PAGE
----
People were friendly in those days and if the siren warned us of an air raid when we were out of doors, they would open their door and call us in. I have taken shelter in stranger’s homes on many occasions and given shelter in return. Our flat was open house for anyone passing or for residents of the top flats who didn’t feel safe during a raid. We had as many as twelve people sleeping as best they could on the floor of our little flat. The comradeship in those days was wonderful! One of the most horrifying sounds was that of the whistling or screaming bombs. These were meant to put fear into us and lower our morale. They really terrified me and lots of other people as well. As they came down, they made such an awful piercing, screaming whistle that I could not stand up. I had to sit on a chair before my legs gave way as they completely turned to jelly. My heart seemed to stop beating and I couldn’t get my breath until the explosion came. It certainly was one of Hitler’s most effective terror weapons. It broke my moral every time and left me with a terrible fear so that, even now, I am nervous when a low aeroplane flies overhead. Often I cried when one came down, only to hear more falling from the sky. This was the time that I looked forward to hearing Winston Churchill give one of his morale boosting speeches, as we all felt better after one of those. If it wasn’t for him, I don’t think that we would have won the war. He was staunch, strong, stirring and comforting. Good old Winnie!

The V1, buzz bomb or doodlebug was another horror. When the first one came over the newspapers said that our artillery had shot down a new type of aeroplane, but when they went to examine the wreckage, there was no pilot and no parachute to be seen. On closer examination, they found that there was an engine at the back and flames came out of it. More came over and we realised that when the engine cut out, the unmanned ‘plane would dip and fall to the ground. They fell anywhere and everywhere and Hitler could not claim that he was trying to avoid killing innocent civilians. When you were at home and heard these things coming, your heart would be in your mouth, especially when the engine cut out. It would fall and explode killing and maiming some poor devils and we breathed a sigh of relief until the next one came our way. Peter was a baby when these things were on the go and many is the time I’ve thrown myself across his pram, as I couldn’t get him out quick enough. If you were outside, you could see them coming and if they were pretty near, the best thing was to run towards them so they passed over you. Dad was often delivering letters when they came over and he would go towards them and then crouch behind a garden wall to escape the blast when they fell and exploded. Next came the V2 rockets that you couldn’t hear at all. There was no warning, just the explosion so there was nothing that you could do to protect yourself. You couldn’t stay in the shelters all the time just in case a V2 came over, so we just carried on with things and hoped for the best.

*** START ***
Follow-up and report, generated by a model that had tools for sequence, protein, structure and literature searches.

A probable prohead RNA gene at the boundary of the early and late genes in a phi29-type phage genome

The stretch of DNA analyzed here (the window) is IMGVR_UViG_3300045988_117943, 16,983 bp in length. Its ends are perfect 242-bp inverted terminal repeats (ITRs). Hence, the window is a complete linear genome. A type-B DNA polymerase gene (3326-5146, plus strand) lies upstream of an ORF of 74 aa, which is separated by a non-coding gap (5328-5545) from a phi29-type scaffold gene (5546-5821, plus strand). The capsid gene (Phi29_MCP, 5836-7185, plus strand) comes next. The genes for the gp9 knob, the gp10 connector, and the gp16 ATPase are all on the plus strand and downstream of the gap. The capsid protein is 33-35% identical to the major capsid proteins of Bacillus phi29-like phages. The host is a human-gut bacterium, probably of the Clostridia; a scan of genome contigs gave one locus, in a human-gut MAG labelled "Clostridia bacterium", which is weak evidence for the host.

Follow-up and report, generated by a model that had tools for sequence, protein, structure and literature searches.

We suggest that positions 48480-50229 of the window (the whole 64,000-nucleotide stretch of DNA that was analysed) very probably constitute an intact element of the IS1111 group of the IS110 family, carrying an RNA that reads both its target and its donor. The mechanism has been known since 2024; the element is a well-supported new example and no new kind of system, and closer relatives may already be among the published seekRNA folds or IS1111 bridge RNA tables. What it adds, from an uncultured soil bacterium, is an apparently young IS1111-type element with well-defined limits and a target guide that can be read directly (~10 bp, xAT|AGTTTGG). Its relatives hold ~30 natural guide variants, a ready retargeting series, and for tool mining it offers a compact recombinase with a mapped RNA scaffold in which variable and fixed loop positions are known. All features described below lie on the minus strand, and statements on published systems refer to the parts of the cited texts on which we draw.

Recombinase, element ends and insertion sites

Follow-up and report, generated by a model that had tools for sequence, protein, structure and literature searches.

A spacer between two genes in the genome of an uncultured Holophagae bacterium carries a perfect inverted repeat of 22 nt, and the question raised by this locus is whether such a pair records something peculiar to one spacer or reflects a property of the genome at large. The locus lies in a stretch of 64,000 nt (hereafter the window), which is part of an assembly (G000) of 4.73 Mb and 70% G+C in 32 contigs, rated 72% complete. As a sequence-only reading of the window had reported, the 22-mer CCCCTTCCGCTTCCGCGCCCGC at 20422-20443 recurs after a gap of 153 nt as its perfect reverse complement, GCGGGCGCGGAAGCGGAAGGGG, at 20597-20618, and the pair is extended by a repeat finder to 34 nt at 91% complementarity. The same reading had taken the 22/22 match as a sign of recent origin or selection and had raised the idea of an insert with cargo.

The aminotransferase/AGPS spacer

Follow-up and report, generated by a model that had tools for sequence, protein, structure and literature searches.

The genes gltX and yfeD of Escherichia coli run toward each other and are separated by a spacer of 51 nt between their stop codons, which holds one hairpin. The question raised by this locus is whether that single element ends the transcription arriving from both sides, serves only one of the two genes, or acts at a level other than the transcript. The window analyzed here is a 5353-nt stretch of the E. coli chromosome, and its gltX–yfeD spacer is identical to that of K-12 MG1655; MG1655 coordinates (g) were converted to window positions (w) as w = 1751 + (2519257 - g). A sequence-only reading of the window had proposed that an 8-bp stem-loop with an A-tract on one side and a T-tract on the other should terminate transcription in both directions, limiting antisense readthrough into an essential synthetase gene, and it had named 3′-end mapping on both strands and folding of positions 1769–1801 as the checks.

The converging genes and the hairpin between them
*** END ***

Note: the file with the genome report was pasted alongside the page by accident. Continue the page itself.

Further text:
During the war years, it was not all horror and fear. We had some happy times and laughed at all sorts of things. I remember one old girl called Mrs Thompson used to come out and put up her umbrella during an air raid as she was afraid of the shrapnel. She thought that the umbrella would save her — poor old girl! We used to go out and watch the dogfights and shout “Hooray” when a German plane came down and boo and hiss when a German was the victor. At the beginning of the war, I went out with a boy called Ron Calnon. Sometimes during the bombing, you’d lose your water supply. One evening, Ron and I were carrying a galvanised tin bath full of water back home from his parent’s house near Manor House, which was a long way. Then the air raid siren howled its warning! We emptied the water, put the bath over our heads and ran like anything through the dark streets! The shrapnel whizzed all around and one piece struck the bath with a great clang that sounded right through our heads. Then we had to go back and get another bath full.

Doris Robson wrote this as part of her memoirs in "Gaslight on the Cobbles" She married Leonard Herring in 1943 and died on New Years Day, 2001

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Contributed originally by Researcher 249331 (BBC WW2 People's War)

In September 1940 the bombing raids really started. The warning would start wailing very loudly, the nearest siren being on top of Stoke Newington Police station, which was almost opposite where we lived. The bombers started coming over every night, the first few nights we sat on the stairs with blankets wrapped around us, shivering from cold - or was it fear? All of us were very quiet listening to the pulsating sound of the bombers overhead.